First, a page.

This content was published: February 17, 2016. Phone numbers, email addresses, and other information may have changed.
No Show survey results
Posted by Andy Freed
In mid-Janury 2016, the Distance Learning Advisory Council (DLAC) sent out a survey to all instructors teaching at least one online class. Members of the DLAC had heard from several sources that there was confusion over the No Show policy. First, we’d like to highlight some of the results of the survey, then propose some statements that might help improve understanding of the No Show policy and how to implement it in your online class.
The survey was sent to 406 active online faculty from Winter 2016. We received 186 responses, or a45% response rate. Based on the response rate, this is a topic that people had opinions about.
Are you aware of and understand PCC’s No Show policy as defined in the Grading Guidelines?
Did you know that NS is important to managing Financial Aid and preventing fraud?
No need for any chart or graph here. 98% responded yes.
In a typical 10+ week class, do you submit NS marks to remove students from your roster?
The reason for those who selected “Sometimes” include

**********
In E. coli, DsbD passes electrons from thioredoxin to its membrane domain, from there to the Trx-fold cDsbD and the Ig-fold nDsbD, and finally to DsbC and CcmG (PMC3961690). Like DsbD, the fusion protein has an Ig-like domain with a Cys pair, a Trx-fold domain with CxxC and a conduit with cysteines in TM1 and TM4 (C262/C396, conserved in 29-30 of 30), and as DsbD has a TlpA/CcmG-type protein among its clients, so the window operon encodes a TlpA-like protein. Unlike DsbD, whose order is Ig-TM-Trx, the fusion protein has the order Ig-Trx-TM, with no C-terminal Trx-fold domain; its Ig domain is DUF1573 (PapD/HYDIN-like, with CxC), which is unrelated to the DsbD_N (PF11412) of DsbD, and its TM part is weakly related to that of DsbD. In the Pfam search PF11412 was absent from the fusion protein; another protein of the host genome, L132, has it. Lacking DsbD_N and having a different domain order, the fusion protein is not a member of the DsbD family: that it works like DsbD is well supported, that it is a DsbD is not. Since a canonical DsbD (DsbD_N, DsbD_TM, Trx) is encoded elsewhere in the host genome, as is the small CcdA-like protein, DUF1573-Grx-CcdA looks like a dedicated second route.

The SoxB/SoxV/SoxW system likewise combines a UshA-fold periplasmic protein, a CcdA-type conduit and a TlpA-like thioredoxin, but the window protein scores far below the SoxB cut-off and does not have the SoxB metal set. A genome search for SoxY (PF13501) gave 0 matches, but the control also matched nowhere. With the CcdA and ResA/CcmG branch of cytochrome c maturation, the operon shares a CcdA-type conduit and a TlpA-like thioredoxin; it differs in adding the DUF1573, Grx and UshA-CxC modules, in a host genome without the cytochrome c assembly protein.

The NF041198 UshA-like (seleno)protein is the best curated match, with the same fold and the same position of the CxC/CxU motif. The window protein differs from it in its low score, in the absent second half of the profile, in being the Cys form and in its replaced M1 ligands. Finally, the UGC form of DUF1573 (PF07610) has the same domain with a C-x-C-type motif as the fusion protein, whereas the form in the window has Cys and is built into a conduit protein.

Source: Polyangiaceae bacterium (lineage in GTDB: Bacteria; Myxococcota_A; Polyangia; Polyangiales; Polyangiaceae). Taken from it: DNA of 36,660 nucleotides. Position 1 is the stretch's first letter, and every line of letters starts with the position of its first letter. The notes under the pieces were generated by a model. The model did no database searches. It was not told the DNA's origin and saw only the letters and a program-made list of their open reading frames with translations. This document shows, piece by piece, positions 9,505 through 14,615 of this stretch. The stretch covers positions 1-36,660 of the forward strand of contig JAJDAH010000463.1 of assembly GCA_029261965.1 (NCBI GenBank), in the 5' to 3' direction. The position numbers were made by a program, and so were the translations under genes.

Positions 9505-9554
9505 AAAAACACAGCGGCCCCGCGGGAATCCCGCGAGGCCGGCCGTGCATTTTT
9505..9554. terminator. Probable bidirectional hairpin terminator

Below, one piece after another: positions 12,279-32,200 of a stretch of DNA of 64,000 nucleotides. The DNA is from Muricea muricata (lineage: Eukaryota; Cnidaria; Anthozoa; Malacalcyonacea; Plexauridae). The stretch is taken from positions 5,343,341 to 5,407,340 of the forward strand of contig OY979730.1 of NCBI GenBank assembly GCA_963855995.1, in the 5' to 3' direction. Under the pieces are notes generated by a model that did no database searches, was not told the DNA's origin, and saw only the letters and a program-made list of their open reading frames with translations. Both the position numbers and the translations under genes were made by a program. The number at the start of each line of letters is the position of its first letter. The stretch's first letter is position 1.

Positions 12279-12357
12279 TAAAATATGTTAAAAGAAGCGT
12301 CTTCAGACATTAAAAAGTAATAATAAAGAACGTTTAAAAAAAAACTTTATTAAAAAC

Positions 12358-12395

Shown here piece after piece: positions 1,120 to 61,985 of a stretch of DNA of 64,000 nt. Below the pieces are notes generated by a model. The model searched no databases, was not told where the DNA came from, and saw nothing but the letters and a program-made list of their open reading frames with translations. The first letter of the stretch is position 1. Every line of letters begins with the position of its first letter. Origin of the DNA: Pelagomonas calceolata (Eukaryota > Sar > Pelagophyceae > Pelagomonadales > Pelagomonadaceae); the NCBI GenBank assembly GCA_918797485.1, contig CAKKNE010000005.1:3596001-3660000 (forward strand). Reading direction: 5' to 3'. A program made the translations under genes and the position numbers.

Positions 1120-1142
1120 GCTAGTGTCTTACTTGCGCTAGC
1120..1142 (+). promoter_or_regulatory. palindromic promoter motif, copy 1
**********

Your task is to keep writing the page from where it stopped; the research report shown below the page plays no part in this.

- Sometimes all the students show up
- Sometimes I forget
- Sometimes I struggle with logging in vs. being active
For those who said they never do them, the indicated reasons included
- We’re in a closed program
- The students just re-enroll anyway
How do you determine if a student has attended or not attended your online class?
|A discussion post asking the students to introduce themselves||71%|
|If they have logged in to the class at all||51%|
|A quiz about the syllabus/calendar or other course materials||32%|
|An assignment related to the course curriculum||24%|
|A required email to instructor||17%|
|Other (please explain)||14%|
|I don’t (?!?)||1%|
- I monitor/require activity in a 3rd party tool (e.g. MyLabs, WeBWorK)
- I have mandatory meetings in online office hours
- I check the classlist for login activity
- I employee a mix of all of these
How do you communicate with your students about what the participation requirements are related to the No Show process?
|Course Info Page (CIP)||34%|
|Other (see below)||18%|
- I don’t do any of these!
- I call the student if they aren’t responsive
- I send multiple emails in the PCC email
In a 10+ week class, what deadline do you give students to complete their participation requirement to prove attendance?
For instructors who selected other, several indicated that they were ignorant of any deadlines, and others indicated that they publish one (e.g. Wednesday) but don’t issue a No Show until later.
In a 10+ week class, how much do you consider the following issues when submitting No Shows?
|Response||Not at all||Somewhat||A lot|
|NS can affect course enrollment and course cancellation||69.5||22.5||8|
|NS may affect overall course success and completion rates||59.5||24.5||16|
|The student may not know course expectations by NS deadline||44.7||42.8||12.6|